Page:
Teaching Hearing-Impaired Students


By YJ Editor  |  


Read Aadil Palkhivala’s reply:

Dear Arlene,

I have many students with serious hearing impairments, and I place them in the front of the room. I am conscious to articulate my speech very carefully and clearly whenever they are in class, and I make a particular effort to look at them while I am talking so that they can see my lips. The situation simply requires you to be more conscious and careful of your position in the room.

It is also best to look at the hearing-impaired student after each major teaching, to check her face for understanding. If she’s wearing a puzzled look, repeat yourself.

While doing Savasana (Corpse Pose) in particular, I ask my hearing-impaired students to do the pose with their heads very close to mine so that they can hear more clearly (since they cannot lip-read in Savasana). I tell them in advance that I will gently touch them to let them know when Savasana is over. This way, they are not worried that they will miss the end and be embarrassed by remaining supine when others have risen.

In short, you will need to remind yourself to become more alert and more sensitive when teaching hearing-impaired students.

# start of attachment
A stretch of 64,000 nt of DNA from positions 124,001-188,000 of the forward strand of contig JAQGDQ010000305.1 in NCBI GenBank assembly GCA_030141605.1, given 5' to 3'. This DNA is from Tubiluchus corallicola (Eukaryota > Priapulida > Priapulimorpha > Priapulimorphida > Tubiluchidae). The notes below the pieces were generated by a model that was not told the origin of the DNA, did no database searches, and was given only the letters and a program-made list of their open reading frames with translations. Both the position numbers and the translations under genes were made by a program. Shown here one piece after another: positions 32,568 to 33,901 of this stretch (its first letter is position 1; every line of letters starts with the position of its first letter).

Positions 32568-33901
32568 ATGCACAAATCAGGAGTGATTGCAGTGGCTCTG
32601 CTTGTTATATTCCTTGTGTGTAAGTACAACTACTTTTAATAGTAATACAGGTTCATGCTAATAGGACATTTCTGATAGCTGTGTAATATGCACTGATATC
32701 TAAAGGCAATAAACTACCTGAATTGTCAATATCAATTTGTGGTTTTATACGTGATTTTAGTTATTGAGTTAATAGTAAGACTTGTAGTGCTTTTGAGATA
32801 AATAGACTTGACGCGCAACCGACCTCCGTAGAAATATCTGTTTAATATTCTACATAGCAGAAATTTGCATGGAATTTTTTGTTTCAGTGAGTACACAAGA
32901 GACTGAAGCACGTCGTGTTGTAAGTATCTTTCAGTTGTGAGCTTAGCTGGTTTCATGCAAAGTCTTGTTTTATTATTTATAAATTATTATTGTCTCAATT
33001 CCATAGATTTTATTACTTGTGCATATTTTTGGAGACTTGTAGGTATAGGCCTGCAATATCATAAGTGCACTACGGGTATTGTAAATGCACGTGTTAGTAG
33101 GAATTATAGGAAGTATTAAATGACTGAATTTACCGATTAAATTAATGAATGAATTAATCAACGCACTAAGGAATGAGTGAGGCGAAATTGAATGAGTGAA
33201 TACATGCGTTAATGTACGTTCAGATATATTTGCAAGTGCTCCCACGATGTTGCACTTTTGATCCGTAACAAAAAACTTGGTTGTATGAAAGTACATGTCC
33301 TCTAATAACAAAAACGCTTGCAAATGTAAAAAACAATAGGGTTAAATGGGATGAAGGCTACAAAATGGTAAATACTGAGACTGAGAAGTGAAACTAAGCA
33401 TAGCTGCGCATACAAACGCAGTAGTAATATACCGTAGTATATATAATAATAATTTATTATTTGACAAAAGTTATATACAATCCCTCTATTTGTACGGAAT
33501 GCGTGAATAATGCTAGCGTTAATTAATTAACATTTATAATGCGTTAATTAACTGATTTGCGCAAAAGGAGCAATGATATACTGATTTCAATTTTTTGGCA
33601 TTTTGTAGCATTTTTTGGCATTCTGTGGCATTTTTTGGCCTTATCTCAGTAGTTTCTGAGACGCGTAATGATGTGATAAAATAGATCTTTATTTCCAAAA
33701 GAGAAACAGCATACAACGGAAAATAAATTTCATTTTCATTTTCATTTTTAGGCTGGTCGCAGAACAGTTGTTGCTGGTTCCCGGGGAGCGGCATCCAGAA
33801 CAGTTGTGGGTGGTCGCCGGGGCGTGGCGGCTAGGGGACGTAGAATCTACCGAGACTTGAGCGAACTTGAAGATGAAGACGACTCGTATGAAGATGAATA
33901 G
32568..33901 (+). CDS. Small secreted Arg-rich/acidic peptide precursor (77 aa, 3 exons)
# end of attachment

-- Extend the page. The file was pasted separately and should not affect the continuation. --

Recognized as one of the world’s top yoga teachers, Aadil Palkhivala began studying yoga at the age of seven with B.K.S. Iyengar and was introduced to Sri Aurobindo’s yoga three years later. He received the Advanced Yoga Teacher’s Certificate at the age of 22 and is the founder-director of internationally-renowned Yoga Centers™ in Bellevue, Washington. Aadil is the director of the College of Purna Yoga, a 1,700 hour Washington-state licensed and certified teacher training program. He is also a federally certified naturopath, a certified <a href="/health/ayurveda“>Ayurvedic health science practitioner, a clinical hypnotherapist, a certified shiatsu and Swedish bodywork therapist, a lawyer, and an internationally sponsored public speaker on the mind-body-energy connection.